Childhood and later life stressors and increased inflammatory gene expression at older ages

TitleChildhood and later life stressors and increased inflammatory gene expression at older ages
Publication TypeJournal Article
Year of Publication2015
AuthorsLevine, ME, Cole, SW, Weir, DR, Crimmins, EM
JournalSocial Science and Medicine
Volume130
Pagination16-22
KeywordsAdult children, Health Conditions and Status, Healthcare
Abstract

Adverse experiences in early life have the ability to get under the skin and affect future health. This study examined the relative influence of adversities during childhood and adulthood in accounting for individual differences in pro-inflammatory gene expression in late life. Using a pilot-sample from the Health and Retirement Study (N = 114) aged from 51 to 95, OLS regression models were run to determine the association between a composite score from three proinflammatory gene expression levels (PTGS2, ILIB, and IL8) and 1) childhood trauma, 2) childhood SES, 3) childhood health, 4) adult traumas, and 5) low SES in adulthood. Our results showed that only childhood trauma was found to be associated with increased inflammatory transcription in late life. Furthermore, examination of interaction effects showed that childhood trauma exacerbated the influence of low SES in adulthood on elevated levels of inflammatory gene expression signifying that having low SES in adulthood was most damaging for persons who had experienced traumatic events during their childhood. Overall our study suggests that traumas experienced during childhood may alter the stress response, leading to more sensitive reactivity throughout the lifespan. As a result, individuals who experienced greater adversity in early life may be at higher risk of late life health outcomes, particularly if adulthood adversity related to SES persists. (C) 2015 Published by Elsevier Ltd.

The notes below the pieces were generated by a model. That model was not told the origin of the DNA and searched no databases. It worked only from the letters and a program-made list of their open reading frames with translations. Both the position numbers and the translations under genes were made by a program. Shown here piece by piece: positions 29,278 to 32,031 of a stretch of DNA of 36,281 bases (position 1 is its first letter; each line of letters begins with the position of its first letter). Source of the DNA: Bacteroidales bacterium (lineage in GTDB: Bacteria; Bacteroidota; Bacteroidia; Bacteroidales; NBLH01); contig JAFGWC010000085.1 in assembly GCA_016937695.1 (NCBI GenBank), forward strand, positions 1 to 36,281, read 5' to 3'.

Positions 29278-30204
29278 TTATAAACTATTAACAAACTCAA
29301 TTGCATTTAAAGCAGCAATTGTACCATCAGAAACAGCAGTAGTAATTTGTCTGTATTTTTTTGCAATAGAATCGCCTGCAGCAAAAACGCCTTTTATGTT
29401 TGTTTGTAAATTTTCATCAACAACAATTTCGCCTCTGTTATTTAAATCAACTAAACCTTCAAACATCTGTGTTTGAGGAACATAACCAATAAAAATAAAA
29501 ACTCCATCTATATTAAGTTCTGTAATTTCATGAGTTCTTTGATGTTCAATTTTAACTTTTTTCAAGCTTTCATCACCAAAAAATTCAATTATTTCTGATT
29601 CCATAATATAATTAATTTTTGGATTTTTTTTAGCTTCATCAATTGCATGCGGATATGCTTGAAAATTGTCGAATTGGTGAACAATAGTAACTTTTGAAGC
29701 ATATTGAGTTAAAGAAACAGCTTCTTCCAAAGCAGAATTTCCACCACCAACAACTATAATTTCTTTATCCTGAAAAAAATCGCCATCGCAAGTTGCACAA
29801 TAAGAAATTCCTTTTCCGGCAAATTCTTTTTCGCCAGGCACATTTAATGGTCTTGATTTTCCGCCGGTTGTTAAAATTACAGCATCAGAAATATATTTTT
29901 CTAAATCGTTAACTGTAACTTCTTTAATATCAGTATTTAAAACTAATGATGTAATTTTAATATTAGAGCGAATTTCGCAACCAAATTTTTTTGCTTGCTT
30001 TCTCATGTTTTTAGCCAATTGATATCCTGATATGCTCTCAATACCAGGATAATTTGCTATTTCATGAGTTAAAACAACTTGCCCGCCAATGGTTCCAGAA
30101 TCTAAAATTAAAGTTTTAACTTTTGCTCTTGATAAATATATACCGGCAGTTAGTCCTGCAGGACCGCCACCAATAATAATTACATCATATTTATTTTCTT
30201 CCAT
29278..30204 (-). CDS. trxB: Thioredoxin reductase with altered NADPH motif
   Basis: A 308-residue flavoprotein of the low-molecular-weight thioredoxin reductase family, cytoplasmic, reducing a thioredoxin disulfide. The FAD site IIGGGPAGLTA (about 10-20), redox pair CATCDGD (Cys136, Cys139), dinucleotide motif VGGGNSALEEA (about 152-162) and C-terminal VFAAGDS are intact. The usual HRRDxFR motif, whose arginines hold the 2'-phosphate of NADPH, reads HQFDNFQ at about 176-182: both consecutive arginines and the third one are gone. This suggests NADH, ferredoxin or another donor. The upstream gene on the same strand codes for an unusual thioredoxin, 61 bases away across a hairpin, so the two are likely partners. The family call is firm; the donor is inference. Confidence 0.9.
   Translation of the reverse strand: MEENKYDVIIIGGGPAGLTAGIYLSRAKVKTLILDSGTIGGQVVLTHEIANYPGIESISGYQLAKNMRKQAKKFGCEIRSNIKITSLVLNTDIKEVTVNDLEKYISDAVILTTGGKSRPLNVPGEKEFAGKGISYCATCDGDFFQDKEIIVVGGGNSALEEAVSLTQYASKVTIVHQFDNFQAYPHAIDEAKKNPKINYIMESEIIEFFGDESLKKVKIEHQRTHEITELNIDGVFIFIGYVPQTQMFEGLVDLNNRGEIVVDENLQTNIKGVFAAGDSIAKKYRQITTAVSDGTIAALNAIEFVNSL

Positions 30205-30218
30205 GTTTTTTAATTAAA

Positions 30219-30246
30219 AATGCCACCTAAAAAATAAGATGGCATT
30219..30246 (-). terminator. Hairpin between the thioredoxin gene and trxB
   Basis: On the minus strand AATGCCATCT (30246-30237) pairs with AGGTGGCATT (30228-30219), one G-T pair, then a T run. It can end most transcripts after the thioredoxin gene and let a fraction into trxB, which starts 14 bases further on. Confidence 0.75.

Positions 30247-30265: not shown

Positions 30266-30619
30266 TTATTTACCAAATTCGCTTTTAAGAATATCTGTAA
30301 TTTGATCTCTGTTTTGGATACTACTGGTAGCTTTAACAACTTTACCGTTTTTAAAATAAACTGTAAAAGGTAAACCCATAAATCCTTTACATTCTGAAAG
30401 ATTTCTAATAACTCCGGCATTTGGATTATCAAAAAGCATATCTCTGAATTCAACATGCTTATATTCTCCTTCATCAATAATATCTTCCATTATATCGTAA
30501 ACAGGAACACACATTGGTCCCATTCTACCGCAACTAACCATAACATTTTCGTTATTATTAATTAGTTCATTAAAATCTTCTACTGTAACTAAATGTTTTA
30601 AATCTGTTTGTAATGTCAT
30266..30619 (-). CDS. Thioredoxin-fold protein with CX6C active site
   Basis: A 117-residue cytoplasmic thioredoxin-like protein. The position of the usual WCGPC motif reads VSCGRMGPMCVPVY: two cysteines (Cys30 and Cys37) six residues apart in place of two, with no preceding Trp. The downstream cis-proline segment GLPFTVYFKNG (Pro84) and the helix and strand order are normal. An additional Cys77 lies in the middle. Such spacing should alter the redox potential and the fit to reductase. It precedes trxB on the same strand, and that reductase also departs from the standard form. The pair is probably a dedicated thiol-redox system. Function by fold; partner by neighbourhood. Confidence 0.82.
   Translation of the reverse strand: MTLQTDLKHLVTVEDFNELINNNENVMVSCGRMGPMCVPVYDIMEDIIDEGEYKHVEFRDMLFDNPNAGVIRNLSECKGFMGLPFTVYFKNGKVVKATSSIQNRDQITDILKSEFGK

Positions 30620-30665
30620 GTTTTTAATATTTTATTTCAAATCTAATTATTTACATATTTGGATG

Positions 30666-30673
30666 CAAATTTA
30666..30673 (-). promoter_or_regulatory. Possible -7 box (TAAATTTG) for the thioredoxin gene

Notes

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DOI10.1016/j.socscimed.2015.01.030
Endnote Keywords

childhood health/adverse events/adverse events/trauma

Endnote ID

999999

Citation Key8314
PubMed ID25658624
PubMed Central IDPMC4394113